Yet another consequence was to increase the emotional complexity of domestic life. The courts of the Chesapeake colonies heard many complaints of cruel step-parents, who often lived up to their reputation. The courts also dealt with bitter conflicts over step-children. In 1696, for example, one Thomas Price was presented to a county court “by the information of Hannah Price his wife for selling a child of the said Hannah which she had by another husband in the colony of Virginia.”14

There were also large numbers of servants in these households. Throughout tidewater Maryland, Virginia and the Carolinas, the number of servants in an average household was always much greater than in New England. As early as 1667, in Middlesex County, Virginia, male heads of households held as many as five servants and slaves on the average.15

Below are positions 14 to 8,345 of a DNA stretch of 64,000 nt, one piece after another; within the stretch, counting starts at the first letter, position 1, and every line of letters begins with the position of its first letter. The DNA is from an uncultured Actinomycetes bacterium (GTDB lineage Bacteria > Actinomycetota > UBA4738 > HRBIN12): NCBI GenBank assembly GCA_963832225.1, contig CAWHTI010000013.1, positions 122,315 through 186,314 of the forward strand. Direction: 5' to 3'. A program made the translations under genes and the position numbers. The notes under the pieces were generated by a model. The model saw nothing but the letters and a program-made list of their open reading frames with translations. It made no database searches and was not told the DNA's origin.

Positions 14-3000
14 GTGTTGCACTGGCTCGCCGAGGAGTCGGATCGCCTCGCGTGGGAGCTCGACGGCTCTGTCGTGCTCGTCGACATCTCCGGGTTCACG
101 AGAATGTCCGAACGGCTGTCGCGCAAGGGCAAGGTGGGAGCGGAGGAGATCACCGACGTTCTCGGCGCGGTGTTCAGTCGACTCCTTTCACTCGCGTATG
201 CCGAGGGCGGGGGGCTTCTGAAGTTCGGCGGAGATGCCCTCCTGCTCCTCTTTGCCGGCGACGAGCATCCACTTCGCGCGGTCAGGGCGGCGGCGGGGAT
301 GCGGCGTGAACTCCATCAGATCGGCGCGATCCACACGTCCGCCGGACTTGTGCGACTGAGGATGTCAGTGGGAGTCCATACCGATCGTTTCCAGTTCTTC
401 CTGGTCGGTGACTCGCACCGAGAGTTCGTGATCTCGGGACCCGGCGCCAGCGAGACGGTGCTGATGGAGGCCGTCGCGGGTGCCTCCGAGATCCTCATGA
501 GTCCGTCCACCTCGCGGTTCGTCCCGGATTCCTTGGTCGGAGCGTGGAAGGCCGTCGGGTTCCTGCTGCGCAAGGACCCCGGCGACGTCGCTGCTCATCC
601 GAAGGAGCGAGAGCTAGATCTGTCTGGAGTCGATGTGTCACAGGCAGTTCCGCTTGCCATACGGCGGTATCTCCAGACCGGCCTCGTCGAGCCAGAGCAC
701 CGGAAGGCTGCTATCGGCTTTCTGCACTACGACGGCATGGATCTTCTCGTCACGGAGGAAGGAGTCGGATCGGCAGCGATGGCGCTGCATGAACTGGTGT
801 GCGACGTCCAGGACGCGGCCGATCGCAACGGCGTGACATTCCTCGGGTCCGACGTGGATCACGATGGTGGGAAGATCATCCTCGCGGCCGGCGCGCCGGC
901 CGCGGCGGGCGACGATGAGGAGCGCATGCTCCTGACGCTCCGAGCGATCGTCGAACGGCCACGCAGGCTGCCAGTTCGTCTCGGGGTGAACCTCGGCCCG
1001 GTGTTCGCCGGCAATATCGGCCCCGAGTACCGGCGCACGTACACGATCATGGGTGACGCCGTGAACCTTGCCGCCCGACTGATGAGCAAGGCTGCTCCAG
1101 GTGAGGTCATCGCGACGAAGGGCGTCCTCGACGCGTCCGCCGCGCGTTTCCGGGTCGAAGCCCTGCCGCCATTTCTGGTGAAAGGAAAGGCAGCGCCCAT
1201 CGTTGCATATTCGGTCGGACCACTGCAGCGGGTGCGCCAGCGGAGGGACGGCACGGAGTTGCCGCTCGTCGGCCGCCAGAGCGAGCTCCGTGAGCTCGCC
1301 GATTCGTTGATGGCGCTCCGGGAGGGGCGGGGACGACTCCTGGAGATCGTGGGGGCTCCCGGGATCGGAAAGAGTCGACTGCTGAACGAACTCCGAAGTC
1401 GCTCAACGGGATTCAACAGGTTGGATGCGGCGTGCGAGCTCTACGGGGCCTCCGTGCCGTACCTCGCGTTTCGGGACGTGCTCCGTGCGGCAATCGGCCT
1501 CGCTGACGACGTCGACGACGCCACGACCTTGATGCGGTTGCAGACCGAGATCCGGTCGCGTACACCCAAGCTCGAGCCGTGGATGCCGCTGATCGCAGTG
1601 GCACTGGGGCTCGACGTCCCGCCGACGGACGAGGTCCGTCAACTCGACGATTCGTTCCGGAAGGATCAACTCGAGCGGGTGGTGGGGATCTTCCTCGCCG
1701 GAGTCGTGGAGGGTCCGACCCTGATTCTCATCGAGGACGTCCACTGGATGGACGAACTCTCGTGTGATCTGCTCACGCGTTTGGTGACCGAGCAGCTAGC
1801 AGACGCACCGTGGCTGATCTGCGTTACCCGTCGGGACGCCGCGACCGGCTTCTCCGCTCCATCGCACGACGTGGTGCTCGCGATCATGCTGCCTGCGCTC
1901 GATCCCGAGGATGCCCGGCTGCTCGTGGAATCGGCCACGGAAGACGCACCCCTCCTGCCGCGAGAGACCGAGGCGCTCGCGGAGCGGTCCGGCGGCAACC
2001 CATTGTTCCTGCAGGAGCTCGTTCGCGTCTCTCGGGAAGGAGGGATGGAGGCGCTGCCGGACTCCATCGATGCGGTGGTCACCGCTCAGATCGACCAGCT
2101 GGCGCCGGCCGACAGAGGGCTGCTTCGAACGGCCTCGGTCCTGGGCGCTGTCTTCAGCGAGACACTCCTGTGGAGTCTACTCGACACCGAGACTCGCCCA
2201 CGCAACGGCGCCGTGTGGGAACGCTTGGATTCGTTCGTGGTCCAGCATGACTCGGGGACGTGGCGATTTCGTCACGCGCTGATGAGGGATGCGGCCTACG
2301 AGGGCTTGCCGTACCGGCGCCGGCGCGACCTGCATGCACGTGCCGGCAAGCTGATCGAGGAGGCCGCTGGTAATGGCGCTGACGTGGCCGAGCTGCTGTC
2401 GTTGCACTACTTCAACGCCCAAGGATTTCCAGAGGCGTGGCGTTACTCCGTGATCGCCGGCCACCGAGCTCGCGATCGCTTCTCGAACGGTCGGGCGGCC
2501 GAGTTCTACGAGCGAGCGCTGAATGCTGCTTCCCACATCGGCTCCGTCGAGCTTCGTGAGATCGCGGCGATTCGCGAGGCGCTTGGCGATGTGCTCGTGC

On both sides of the Atlantic, these large households were very complex in their internal structure. Masters and house servants lived close together—often sleeping in the same room. “I called up my man, who lay in my room with me,” one English gentleman noted in his diary.16 Things were the same in Virginia, where masters, servants and visitors often shared the same room and sometimes even the same bed.17

The doors of these houses were rarely closed to strangers. A bed and a meal were offered to visitors of every rank, from the governor of the colony who was received as a royal personage to the most wretched beggar who was given a mat before the kitchen fire. There was a class of impoverished gentlemen in England and America who made “visiting” their profession. The Yankee tutor Philip Fithian met one of these threadbare gentry, who lived almost entirely upon the hospitality of others, and became a semi-permanent fixture in other men’s houses. Fithian wrote:

To day about twelve came to Mr. Carter’s Captain John Lee, a gentleman who seems to copy the character of Addison’s Will